E-Act is losing control of the 10 schools after Ofsted inspections revealed weaknesses in some E-Act schools’ teaching standards.
The charity was investigated last year over its finances, and its then managing director, who was reportedly on a £300,000 salary, was forced to resign. The Department for Education (DfE) confirmed that it was looking for a new sponsor for the 10 schools in question, and has not yet named the schools.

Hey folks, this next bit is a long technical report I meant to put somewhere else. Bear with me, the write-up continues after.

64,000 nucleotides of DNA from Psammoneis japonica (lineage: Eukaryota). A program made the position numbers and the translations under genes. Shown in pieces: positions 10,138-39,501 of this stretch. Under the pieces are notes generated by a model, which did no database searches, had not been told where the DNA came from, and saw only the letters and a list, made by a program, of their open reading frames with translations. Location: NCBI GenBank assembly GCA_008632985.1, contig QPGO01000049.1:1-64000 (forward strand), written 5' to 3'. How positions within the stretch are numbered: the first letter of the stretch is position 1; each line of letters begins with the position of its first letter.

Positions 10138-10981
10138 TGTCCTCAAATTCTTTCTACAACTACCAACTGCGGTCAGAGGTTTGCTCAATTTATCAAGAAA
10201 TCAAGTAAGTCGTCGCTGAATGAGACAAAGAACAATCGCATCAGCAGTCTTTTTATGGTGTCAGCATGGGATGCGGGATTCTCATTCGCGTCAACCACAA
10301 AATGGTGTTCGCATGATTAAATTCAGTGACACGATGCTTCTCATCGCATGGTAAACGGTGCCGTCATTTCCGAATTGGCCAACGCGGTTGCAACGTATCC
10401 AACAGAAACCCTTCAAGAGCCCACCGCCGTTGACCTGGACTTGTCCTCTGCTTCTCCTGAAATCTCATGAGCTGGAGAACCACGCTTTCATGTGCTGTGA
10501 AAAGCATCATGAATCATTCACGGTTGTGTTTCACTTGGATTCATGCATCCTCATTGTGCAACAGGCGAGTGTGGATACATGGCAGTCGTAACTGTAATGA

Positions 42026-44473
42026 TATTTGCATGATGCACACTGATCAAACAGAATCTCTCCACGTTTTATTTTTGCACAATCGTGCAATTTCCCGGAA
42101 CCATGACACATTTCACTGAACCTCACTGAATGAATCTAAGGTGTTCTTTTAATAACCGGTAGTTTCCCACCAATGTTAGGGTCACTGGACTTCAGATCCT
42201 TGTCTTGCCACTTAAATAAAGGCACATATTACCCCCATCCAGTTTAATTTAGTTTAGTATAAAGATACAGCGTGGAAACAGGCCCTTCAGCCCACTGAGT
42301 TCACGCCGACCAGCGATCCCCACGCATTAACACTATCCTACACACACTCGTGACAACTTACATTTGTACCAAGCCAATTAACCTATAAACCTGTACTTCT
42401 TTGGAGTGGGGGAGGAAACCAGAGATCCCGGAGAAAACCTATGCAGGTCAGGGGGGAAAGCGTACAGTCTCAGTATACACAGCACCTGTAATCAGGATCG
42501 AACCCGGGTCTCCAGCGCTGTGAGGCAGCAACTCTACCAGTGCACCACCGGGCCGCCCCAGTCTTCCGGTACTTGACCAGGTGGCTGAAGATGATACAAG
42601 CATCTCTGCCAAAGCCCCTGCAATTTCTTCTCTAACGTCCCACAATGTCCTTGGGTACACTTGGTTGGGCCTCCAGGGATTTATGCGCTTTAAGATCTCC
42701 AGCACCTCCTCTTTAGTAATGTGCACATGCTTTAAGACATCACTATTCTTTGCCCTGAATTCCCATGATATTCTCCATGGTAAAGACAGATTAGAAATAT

The charity will continue to run 24 state-funded school across England, but the loss of 10 schools is thought to be the biggest withdrawal of powers from an academy since the programme was established a decade ago. Two members of staff have also resiged.
Read full story